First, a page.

December 1, 2005
Hey! What about Truth and Beauty?
(Or, Technology and the Creative Artist Wrap Up, Part 1)
I began this semester by asking the question “what is art”? After a discussion that suggested art was anything from an escape to humanity’s finest achievement, we, perhaps artificially, narrowed our definition to state that art is always:
- critical, penetrating, challenging, engaging
- public: influential, inspiring, controversial
- historically positioned: technologically positioned/determined
- mimetic: mirrors the human condition
I note that this definition seems not to address certain aspects of art that one might expect, like beauty, truth, pleasure, spectacle, emotion, agon, and other criteria traditionally ascribed to art. These omissions are, perhaps, problematic as several critics have observed in our course readings. More on that later. This course only cursorily touches aesthetics, so in order to progress, some criteria needed to be agreed upon.
We further limited our study’s purview to the production and presentation of art for which a computer is integral. This is our definition of “technology” in this context. This class explored the current, and incunabular, connections between art and the computer. Taking a cue from Janet Murray’s Hamlet on the Holodeck, we are interested in stories that cannot be told in other ways, ones for which the conventions are still evolving, ones which need a convergence of formats, ones that suggest play as an integral aspect of the aesthetic,, and ones that push the boundaries beyond the linear in order to express parallel possibilities.
Carolyn Handler Miller's Digital Storytelling addresses some of the practical concerns that storytellers working with computers must face. Miller stresses that digital storytellers should use both the strengths of the format and their individual strengths in a collaborative, interdisciplinary effort when authoring digital media. She introduces several terms in an attempt to characterize the unique aspects of computers:
- Interactivity – Miller suggests that interactivity is what makes digital entertainment unique: users are directly involved. She calls interactivity an “active relationship” between the “user and the content.” This idea, she states, puts more responsibility on the creators to provide a rich and stimulating environment, and also requires them to give up some of the control traditionally ascribed to the author.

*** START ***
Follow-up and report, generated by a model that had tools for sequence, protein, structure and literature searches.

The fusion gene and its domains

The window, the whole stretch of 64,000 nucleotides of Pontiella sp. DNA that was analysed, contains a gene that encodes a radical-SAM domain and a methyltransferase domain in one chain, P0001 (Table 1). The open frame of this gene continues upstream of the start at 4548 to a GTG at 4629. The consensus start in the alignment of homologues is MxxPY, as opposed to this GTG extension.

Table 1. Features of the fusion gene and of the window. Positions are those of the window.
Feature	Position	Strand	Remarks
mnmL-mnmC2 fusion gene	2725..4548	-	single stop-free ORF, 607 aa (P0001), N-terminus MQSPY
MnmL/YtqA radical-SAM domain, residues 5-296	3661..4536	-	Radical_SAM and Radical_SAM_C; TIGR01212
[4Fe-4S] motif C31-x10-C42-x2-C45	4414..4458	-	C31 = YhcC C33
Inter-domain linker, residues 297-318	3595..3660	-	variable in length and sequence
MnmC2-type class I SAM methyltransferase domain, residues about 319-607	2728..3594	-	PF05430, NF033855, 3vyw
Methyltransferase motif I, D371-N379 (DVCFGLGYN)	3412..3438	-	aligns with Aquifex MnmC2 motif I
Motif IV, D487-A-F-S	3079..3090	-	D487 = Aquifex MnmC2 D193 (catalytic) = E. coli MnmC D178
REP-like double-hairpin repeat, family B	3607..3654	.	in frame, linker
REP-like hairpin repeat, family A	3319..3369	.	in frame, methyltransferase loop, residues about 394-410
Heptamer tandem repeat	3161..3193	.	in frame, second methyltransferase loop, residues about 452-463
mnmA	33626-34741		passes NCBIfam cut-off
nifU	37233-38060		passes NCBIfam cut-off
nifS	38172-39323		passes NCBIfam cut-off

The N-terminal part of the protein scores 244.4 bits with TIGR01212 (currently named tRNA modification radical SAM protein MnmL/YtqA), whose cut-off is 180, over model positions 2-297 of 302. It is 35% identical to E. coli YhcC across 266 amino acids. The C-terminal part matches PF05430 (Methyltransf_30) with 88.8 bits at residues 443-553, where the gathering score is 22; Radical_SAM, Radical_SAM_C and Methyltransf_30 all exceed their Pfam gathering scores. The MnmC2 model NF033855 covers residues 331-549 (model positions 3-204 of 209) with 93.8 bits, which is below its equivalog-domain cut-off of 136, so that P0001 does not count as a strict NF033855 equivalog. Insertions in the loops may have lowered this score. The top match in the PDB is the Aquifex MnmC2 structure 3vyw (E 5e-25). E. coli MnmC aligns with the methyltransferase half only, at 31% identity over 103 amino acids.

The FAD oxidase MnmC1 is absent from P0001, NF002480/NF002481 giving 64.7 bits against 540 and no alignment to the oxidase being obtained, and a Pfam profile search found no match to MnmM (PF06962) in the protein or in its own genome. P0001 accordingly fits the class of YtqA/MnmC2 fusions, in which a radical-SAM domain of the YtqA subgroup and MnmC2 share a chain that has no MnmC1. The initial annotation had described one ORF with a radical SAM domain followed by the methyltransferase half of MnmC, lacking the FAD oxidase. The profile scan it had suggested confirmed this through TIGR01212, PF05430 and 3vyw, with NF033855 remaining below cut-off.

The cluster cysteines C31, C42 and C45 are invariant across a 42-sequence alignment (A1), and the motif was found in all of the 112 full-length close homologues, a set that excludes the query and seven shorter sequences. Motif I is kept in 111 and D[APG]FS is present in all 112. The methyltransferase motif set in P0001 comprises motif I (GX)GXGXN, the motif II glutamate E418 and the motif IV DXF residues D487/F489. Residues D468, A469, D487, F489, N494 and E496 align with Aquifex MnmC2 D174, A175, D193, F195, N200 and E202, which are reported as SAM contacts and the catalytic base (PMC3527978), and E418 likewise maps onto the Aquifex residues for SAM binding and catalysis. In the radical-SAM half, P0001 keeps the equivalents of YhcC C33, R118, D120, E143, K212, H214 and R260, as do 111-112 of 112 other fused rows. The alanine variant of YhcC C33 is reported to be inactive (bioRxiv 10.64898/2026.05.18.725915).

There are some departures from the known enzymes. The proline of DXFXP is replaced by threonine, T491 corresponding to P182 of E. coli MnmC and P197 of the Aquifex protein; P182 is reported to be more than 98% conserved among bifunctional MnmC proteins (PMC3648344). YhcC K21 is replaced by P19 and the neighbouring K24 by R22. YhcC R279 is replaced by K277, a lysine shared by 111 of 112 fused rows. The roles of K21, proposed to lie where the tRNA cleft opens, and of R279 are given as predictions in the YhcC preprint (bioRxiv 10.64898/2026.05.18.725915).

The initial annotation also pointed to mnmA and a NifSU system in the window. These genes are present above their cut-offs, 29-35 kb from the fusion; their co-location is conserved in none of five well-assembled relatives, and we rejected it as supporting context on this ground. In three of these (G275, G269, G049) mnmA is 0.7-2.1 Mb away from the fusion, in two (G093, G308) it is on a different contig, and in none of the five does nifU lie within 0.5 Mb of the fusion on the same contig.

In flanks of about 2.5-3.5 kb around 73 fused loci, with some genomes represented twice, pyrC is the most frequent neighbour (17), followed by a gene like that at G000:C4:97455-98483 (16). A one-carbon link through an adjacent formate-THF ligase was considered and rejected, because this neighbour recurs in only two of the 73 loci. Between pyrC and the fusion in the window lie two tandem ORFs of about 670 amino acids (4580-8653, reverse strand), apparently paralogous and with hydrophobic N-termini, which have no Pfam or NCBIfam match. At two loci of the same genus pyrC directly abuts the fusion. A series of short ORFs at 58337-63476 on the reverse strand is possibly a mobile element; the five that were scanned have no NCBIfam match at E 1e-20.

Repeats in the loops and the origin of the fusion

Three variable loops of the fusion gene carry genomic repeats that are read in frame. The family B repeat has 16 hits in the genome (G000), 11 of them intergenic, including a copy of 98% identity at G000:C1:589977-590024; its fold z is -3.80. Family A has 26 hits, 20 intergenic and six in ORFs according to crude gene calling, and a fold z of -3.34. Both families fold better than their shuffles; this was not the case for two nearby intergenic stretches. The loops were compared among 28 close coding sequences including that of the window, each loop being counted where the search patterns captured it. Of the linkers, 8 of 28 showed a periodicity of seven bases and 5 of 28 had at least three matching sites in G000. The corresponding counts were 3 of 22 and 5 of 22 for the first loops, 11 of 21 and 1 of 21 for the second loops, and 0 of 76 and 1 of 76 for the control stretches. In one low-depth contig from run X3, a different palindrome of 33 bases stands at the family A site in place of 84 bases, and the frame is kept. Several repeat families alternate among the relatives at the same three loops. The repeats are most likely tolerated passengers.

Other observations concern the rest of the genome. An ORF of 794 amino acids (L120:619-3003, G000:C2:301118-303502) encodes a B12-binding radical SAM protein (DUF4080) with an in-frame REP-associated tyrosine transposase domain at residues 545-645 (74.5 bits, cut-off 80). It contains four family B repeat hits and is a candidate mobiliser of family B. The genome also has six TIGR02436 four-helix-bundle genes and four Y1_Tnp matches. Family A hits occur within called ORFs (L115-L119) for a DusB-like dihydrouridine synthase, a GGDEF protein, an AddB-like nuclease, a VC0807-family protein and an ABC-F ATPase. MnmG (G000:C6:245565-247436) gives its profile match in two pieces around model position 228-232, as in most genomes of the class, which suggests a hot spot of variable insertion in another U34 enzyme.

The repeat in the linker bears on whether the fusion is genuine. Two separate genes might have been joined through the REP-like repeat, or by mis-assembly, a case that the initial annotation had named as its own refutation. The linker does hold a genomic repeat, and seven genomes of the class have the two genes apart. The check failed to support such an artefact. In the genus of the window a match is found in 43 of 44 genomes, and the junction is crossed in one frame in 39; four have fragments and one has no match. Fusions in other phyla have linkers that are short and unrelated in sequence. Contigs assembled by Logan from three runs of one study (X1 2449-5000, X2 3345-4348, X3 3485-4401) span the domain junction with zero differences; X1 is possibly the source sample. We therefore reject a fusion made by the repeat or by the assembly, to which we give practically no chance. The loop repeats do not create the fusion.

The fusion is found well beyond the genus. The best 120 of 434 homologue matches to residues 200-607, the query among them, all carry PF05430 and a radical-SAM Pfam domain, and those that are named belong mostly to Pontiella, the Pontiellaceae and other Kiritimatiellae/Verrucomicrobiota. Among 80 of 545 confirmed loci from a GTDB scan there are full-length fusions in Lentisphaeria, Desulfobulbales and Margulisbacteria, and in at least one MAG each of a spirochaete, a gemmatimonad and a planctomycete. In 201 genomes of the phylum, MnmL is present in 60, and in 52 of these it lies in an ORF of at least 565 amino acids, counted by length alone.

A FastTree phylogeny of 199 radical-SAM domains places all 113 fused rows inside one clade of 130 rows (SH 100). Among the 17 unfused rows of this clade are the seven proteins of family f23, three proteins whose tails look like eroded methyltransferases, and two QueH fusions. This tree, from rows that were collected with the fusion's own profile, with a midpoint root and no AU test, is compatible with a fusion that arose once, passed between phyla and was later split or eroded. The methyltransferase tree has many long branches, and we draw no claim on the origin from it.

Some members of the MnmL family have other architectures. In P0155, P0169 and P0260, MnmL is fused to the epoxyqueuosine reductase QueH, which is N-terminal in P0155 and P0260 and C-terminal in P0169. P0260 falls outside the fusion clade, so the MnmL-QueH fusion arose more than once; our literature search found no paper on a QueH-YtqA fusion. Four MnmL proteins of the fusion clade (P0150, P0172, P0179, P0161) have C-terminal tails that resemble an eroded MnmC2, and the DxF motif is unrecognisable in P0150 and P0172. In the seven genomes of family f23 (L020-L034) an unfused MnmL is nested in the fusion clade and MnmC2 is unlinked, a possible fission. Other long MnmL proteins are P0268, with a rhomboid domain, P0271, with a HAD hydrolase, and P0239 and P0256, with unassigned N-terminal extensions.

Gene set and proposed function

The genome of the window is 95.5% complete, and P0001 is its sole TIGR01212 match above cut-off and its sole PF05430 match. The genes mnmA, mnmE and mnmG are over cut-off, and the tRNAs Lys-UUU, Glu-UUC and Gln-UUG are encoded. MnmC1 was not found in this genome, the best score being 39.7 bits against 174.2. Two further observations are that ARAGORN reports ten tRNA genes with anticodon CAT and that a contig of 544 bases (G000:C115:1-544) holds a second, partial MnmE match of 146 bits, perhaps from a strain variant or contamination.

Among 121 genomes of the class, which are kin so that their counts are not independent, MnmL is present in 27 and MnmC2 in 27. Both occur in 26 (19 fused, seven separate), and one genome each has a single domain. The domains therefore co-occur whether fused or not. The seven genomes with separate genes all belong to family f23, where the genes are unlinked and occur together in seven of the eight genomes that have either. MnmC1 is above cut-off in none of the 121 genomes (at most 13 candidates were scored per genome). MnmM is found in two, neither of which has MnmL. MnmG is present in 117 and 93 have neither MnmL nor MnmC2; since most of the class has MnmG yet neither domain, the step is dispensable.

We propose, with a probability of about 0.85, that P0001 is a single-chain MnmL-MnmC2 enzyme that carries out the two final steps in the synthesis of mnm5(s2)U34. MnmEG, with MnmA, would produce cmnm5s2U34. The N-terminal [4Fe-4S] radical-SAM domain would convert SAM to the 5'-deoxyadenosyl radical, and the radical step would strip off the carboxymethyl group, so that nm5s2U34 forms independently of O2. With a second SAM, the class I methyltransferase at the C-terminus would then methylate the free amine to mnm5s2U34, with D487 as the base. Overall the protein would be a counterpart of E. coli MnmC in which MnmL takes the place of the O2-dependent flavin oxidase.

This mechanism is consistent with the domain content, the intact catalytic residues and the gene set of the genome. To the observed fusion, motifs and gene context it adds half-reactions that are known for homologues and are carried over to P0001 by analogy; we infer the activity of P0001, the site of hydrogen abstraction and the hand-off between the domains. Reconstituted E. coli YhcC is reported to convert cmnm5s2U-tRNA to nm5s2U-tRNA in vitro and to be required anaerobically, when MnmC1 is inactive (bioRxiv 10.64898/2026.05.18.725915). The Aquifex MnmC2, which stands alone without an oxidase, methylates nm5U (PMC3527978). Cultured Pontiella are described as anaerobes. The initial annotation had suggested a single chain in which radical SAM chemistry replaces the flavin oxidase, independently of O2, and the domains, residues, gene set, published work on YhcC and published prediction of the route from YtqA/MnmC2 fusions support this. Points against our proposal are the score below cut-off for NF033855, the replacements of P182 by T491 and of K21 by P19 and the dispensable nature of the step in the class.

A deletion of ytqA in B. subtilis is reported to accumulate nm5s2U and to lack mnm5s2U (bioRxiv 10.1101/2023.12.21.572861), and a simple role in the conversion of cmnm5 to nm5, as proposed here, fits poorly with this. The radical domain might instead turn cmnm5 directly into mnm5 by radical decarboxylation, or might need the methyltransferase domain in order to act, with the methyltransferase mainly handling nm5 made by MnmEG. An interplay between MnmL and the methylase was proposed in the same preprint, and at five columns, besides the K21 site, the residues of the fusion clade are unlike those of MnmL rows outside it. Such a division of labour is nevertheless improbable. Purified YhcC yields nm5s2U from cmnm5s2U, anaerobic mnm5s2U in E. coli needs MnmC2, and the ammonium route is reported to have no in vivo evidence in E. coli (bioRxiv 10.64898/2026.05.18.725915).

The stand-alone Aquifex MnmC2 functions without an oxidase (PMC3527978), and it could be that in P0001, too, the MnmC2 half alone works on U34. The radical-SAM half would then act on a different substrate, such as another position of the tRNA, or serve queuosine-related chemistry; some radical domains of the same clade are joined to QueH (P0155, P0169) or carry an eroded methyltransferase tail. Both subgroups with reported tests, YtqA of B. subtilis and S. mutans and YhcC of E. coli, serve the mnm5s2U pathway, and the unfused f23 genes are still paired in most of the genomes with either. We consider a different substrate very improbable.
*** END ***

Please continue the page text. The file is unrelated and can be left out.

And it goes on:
- Convergence – A coming together of various media in a single package. She gives four elements necessary for convergence:
- a communications delivery system, such as broadband or wireless;
- hardware, such as a computer or wireless device;
- digitized content, such as video or text; and
- computerized technology with which to interact with the content. The content should use the medium best suited for it, like an iPod for listening to MP3s.
- Adaptation – Properties of one medium used in another in order to get more milage out of good material. For example, a video game made from a movie. This also suggests that media interconnect and influence each other in various ways: ways that the computer can take advantage of.
- Immersion – Miller posits that immersion envelops users in a rich, simulated environment that should stimulate all of the senses.
- Edutainment – An attempt to derive effective pedagogy through that which most engages and engrosses. “The challenge,” states Miller, “is to find the right balance between the serious stuff and the fun stuff – between the medicine and the sugar.”
Miller’s book, though not theoretically rigorous, provides a strong foundation for engaging in the consideration and authoring of hypermedia. Though, as her title suggests, her approach is in the tradition of storytelling: an epistemology of narrative. She emphasizes collaboration in an increasingly interdisciplinary field, suggesting that team members should use their individual strengths toward the efficacious completion of evermore complex projects. Miller introduces in popular lay terms the ongoing debate between narrative and play and the ambiguity between these practices that the computer presents.
Part two of this overview will address the key concepts from probably the most influential theorist of narrativism: Janet Murray.
- Murray 1997, p. 9.
- Murray 1997, p. 28.
- Murray 1997, p. 64.
- Murray 1997, p. 61.
- Murray 1997, p. 37.
- Miller 2004, pp. 33, 46.
- Miller 2004, p. 56.
- Miller 2004, pp. 58, 61.
- Miller 2004, p. 40.
- Miller 2004, p. 41.
- Miller 2004, p. 46.
- Miller 2004, p. 47.
- Miller 2004, p. 58.
- Miller 2004, p. 136.
- Miller 2004, p. 137.